|My husband saw this photo and practically had a heart attack.|
|Two of the dolls with their original eyes: Meygana, left, and Cloetta, right.|
|Views of the neck plug and the eyes, front and back.|
|View inside the eye sockets.|
2.) While the head was still warm, I took a pencil and stuck it into the neck hole, eraser-end first. I pressed it firmly against the eyewells from the inside of the head. This pushed the eyes out of the eye sockets. They came out of the sockets fairly easily so long as the vinyl was softened with heat. It was interesting to note that the eyes were fitted with two pegs on the backsides of each eye. They were made to fit into matching peg-holes on the insides of each eye socket, which you can see in the photo to the left. I repeated the steps with my two other dolls so I could play mix-and-match with the eyes.
IMPORTANT: I discovered you can tell the right eye from the left, and the top from the bottom, by looking very closely at the backs of the eyes once they're out. If you look closely, each eye should have a very tiny "R" on it for "right" or an "L" for "left." If you pay attention to these markings, it's a lot easier to figure out how the eyes are supposed to go in so you won't wind up with wonky eyes.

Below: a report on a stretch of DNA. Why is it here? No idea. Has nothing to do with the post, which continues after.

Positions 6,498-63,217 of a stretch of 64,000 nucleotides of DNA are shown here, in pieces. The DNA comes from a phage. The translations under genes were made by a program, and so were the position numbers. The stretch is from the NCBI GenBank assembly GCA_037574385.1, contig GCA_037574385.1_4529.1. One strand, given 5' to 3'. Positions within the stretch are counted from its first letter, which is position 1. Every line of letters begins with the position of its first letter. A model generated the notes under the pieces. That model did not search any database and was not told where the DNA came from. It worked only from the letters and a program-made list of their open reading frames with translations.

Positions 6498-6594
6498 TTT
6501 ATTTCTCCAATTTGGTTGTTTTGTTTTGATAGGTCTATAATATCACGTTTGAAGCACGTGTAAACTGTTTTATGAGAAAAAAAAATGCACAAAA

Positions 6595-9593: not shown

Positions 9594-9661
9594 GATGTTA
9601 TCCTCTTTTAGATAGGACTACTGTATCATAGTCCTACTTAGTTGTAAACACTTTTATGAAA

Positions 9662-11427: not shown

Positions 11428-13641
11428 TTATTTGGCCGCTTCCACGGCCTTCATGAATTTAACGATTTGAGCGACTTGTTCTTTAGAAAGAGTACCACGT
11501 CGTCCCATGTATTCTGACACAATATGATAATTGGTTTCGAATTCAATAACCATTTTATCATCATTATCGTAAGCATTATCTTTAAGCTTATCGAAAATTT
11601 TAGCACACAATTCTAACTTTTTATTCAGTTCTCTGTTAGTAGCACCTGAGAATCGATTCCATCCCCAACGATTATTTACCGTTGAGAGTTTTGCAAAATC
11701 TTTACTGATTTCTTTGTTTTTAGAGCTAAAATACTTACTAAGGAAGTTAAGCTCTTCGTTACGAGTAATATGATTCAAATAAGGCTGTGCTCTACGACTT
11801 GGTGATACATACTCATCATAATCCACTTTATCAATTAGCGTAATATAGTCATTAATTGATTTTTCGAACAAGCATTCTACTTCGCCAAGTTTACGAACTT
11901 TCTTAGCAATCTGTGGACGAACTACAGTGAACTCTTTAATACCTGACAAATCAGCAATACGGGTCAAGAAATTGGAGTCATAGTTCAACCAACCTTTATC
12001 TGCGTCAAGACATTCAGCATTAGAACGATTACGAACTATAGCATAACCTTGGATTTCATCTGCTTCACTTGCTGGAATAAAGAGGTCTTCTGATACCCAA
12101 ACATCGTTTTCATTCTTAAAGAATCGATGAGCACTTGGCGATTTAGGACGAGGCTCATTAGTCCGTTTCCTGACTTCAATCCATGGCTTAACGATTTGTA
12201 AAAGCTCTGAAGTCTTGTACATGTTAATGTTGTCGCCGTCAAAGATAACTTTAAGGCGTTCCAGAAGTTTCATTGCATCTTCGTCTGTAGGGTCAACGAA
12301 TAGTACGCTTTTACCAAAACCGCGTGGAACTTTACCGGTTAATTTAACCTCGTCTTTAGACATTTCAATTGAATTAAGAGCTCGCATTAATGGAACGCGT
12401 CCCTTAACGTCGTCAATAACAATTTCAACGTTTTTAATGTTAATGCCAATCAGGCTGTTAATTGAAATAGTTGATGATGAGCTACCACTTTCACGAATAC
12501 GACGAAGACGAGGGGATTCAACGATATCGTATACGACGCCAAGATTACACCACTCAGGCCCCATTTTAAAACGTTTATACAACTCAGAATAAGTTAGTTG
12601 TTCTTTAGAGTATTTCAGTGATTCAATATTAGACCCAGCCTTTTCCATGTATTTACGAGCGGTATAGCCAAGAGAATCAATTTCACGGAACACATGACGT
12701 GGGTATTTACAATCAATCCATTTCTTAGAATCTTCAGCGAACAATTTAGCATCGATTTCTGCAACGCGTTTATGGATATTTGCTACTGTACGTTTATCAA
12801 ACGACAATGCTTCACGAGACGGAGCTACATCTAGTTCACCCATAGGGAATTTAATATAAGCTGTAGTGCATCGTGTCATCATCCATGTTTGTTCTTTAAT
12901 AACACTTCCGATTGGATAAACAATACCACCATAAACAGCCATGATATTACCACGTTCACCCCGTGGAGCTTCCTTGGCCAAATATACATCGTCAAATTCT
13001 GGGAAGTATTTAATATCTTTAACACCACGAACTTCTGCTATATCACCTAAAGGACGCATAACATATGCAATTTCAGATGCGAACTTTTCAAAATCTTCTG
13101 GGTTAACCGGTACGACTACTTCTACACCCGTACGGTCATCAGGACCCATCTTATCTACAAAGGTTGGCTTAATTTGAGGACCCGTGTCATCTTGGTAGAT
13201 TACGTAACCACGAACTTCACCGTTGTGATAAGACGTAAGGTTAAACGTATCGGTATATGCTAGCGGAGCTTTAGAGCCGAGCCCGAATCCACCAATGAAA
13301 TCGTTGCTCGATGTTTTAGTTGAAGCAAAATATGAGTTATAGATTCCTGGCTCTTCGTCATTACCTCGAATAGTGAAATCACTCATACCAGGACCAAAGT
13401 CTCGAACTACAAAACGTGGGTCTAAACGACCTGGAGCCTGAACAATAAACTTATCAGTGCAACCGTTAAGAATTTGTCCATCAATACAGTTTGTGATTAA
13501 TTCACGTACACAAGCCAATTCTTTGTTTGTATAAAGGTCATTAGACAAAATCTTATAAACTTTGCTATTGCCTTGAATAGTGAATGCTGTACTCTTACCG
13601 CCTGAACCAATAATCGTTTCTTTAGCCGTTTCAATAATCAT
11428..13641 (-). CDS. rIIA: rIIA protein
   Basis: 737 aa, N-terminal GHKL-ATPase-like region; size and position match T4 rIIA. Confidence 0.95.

3) Now the hard part: Putting the eyes back in. I had trouble with this, and came to the conclusion that the heating pad I was using just simply was not hot enough to keep the vinyl as soft as I needed. I switched to using a different, hotter heating pad and the process was easier after that. The eyes need to be pushed back into the sockets from the outside of the head, the same way they came out. You'll need to use some sort of tool to help you. I used one end of a pen to help me push the eyes back in. The eyes are glass, so they won't be scratched very easily, but of course you have to be careful not to chip the paint around the eye. Squeezing the head a bit makes it easier to get the eyes in.
|My finished Meygana with her new brown eyes.|
|I lost the matching blue eye, so this doll's makeover will have to wait.|
I was comparing Bratzillaz's default eyes with some 12mm and 14mm doll eyes I have. Size 12mm's might work in Bratzillaz, but the irises are a little smaller than the Bratzillaz's default irises. If you don't mind the slightly smaller iris, though, then they'd probably work fine. 14mms look too big, both in size of the iris and the size of the eye. If there is such a thing as a size 13mm, that might work. Also, it looks like the eyes that would fit their eyewells the best would be flat-backed. I haven't tried putting a full-round eye in there. ... I don't think it would work.
EDIT: Upon further experimentation with the eye sizes, it seems 12mm *IS* the perfect size for Bratzillaz. I tried a half-round 12mm in one of my Bratzillaz, and the eye fit perfectly (no picture, sorry). The half-round 12mm was perfect, and the iris size even looked quite good, except that I really needed a low-dome eye. The eyes I used had domes that were a little too high for the doll, and it made her eyes look buggy. If you use low-dome eyes in 12mm they'll work so long as they aren't full rounds. It looks like both half-rounds and flatback oval eyes will work. There were no gaps in the corners with the half-round eyes.
|My two Bratzillaz Meygana Broomstix dolls.|